From the journals: JBC
We offer a selection of papers on a variety of topics recently published in the Journal of Biological Chemistry.
Preventing chemotherapy-induced neuropathic pain
Chemotherapy, which kills rapidly dividing cancer cells to prevent their spread throughout the body, is a commonly prescribed treatment for many forms of cancer, but it can result in painful and debilitating side effects. One such side effect, chemotherapy-induced peripheral neuropathy, is caused by damage to one or more nerves; weakness, numbness and pain begin in the hands and feet and can progress to other parts of the body. Three classes of therapeutic chemicals cause peripheral neuropathy: platinum-based agents, taxanes and the proteasome inhibitor bortezomib. Discontinuing therapy with these drugs is the only treatment.
In a study published in the Journal of Biological Chemistry, a team of researchers led by Raymond Herr and Raghav Sundar at the National University of Singapore Yong Loo Lin School of Medicine write that oxaliplatin, a platinum-based chemotherapeutic, alters the activity of S1P, a lipid-based signaling molecule that reduces neuroinflammation. S1P interacts with five receptors, S1P1-5, which are expressed differently across various tissues and activate a range of intracellular signaling cascades.
The researchers first examined the effects of platinum-based drugs on plasma S1P levels in human cancer patients and found that oxaliplatin treatment increased the d16:1 S1P species. This increase shifted the balance of S1P interaction with S1P2, which, they argue, may provide a mechanistic explanation for the toxic side effects affiliated with oxaliplatin. To test this, the researchers used a rat model of chemotherapy-induced neuropathy to show that a selective agonist targeting this molecule reduced neuropathy symptoms, indicating the therapeutic potential of targeting S1P2 for treatment of the neurotoxic effects of platinum-based chemotherapeutic agents.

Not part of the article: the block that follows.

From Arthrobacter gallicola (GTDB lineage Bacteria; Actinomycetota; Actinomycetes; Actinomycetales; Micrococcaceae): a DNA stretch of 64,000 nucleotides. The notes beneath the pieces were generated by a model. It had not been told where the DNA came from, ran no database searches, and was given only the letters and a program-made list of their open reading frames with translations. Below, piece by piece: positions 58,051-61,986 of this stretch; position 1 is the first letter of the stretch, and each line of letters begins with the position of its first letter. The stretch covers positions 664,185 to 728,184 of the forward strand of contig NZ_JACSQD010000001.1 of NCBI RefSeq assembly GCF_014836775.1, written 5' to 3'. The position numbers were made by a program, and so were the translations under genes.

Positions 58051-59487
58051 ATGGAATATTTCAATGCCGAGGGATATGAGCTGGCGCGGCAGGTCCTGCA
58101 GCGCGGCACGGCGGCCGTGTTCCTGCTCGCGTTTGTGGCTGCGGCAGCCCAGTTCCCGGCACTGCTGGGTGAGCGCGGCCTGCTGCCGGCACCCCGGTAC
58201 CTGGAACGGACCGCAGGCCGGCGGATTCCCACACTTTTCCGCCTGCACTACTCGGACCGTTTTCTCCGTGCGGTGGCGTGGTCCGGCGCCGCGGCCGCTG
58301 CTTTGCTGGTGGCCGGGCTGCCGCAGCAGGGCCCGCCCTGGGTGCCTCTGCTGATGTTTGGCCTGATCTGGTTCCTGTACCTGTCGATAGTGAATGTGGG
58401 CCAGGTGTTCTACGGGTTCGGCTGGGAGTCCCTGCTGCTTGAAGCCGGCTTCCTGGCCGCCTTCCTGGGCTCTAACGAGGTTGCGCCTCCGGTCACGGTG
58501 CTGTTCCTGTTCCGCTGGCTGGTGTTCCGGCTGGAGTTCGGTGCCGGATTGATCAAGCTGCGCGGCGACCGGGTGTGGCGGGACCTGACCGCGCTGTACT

How stress-induced RNA–protein complexes are formed
Under duress, cells initiate a stress response that often leads to the interruption of protein building and the formation of stress granules, RNA–protein complexes, in the cytoplasm. Though the function of stress granule, or SG, assemblies remains largely unknown, they are thought to affect cell death and modulate a cell’s response to viral infection by holding mRNAs in an inactive state until cells recover. RNase L, an antiviral enzyme that cleaves RNA, stimulates the formation of SG-like complexes, but researchers have not yet identified the similarities between these complexes and traditional SGs.
Using immunofluorescence, live-cell imaging and mass spectrometry–based analyses, James Burke and colleagues at the University of Colorado Boulder showed that the complexes formed in response to RNase L activity — known as RNase L-dependent bodies, or RLBs — are unique in their protein and RNA composition and are generated independently of SGs. They also showed that RLBs interact longer with elements in the cytoplasm, such as P-bodies, than SGs, suggesting that RLBs may differ in their ability to modulate cellular response to infections. These findings, which were published in the Journal of Biological Chemistry, increase understanding of how RNAse L contributes to cells’ antiviral response.